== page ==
CHURCH OF SCIENTOLOGY OF CALIFORNIA and Founding Church of Scientology of
Washington, D. C., Plaintiffs,
James SIEGELMAN, Flo Conway, J. B. Lippincott Company and Morris Deutsch,
No. 79 Civ. 1166(GLG).
United States District Court, S. D. New York.
Dec. 19, 1979.
Two branches of religious organization existing inside and outside United
States brought libel action against, among others, former member. Former
member filed motion to reargue many of issues previously decided in prior
opinion, 475 F.Supp. 950. The District Court, Goettel, J., held that: (1)
it could not be said, as matter of law, that plaintiffs would not be able to
prove that alleged defamatory language related to limited group of
organization's churches existing in United States, and thus show that alleged
defamation related to these plaintiffs, so as to make out a cause of action for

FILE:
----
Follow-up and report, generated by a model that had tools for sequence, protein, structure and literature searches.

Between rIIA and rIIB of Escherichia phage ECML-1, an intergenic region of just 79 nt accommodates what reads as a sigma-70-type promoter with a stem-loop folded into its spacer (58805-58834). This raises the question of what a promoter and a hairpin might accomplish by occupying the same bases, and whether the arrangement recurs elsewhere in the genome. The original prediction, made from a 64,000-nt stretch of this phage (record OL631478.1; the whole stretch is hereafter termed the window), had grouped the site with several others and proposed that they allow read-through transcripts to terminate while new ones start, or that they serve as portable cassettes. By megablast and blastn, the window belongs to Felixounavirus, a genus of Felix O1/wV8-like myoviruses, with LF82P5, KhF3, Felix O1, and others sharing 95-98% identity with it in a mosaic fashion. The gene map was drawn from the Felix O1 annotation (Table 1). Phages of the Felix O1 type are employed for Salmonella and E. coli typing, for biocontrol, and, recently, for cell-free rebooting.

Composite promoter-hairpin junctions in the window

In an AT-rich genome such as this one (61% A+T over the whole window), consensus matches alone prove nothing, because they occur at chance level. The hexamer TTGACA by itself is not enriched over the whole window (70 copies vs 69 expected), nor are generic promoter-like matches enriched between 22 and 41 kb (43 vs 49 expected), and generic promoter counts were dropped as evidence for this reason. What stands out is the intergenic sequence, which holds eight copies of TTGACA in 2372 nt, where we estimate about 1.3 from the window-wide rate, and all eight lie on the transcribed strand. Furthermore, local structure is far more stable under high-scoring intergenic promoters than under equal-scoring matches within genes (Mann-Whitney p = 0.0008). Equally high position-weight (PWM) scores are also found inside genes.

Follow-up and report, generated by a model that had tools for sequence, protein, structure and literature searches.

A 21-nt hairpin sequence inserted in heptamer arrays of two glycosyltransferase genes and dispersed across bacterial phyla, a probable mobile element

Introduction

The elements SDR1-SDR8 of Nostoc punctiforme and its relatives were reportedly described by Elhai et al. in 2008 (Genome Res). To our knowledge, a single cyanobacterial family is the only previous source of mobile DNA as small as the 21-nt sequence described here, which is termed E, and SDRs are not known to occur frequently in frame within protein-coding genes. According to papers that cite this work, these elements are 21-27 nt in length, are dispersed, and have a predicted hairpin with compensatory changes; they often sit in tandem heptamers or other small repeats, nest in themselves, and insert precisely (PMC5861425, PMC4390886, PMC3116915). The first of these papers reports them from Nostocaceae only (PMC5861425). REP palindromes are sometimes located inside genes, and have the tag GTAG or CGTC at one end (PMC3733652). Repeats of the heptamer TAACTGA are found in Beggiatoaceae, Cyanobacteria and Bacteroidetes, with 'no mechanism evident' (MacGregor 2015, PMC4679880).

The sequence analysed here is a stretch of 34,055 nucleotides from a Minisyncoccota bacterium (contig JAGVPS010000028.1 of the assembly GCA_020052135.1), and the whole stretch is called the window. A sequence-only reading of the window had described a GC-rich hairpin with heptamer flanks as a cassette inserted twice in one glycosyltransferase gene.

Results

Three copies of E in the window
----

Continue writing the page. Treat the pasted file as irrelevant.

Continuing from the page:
libel, and (2) former member's counterclaims brought under federal statute
prohibiting conspiracy to deprive persons of their constitutional rights had to
Motion to reargue denied.
 LIBEL AND SLANDER
In order to make out a cause of action for libel a plaintiff must establish
that alleged defamatory remark was directed at some specific individual or
group and not merely at an "indeterminate class."--
 LIBEL AND SLANDER
In libel action brought against former member by two branches of religious
organization existing in and outside United States, allegations in complaint,
concerning whether allegedly defamatory language related to limited group
consisting of organization's churches existing in United States, were
sufficient to state a cause of action for libel.
In libel action brought by two branches of religious organization against
former member, court, having been presented with no compelling reason why its
previous result should be modified or reversed, reaffirmed its conclusion that
overbroad class, which had been characterized as consisting of members, former
members, and persons disseminating information about organization, but which in
essence was made up of persons who were critics of organization, was not formed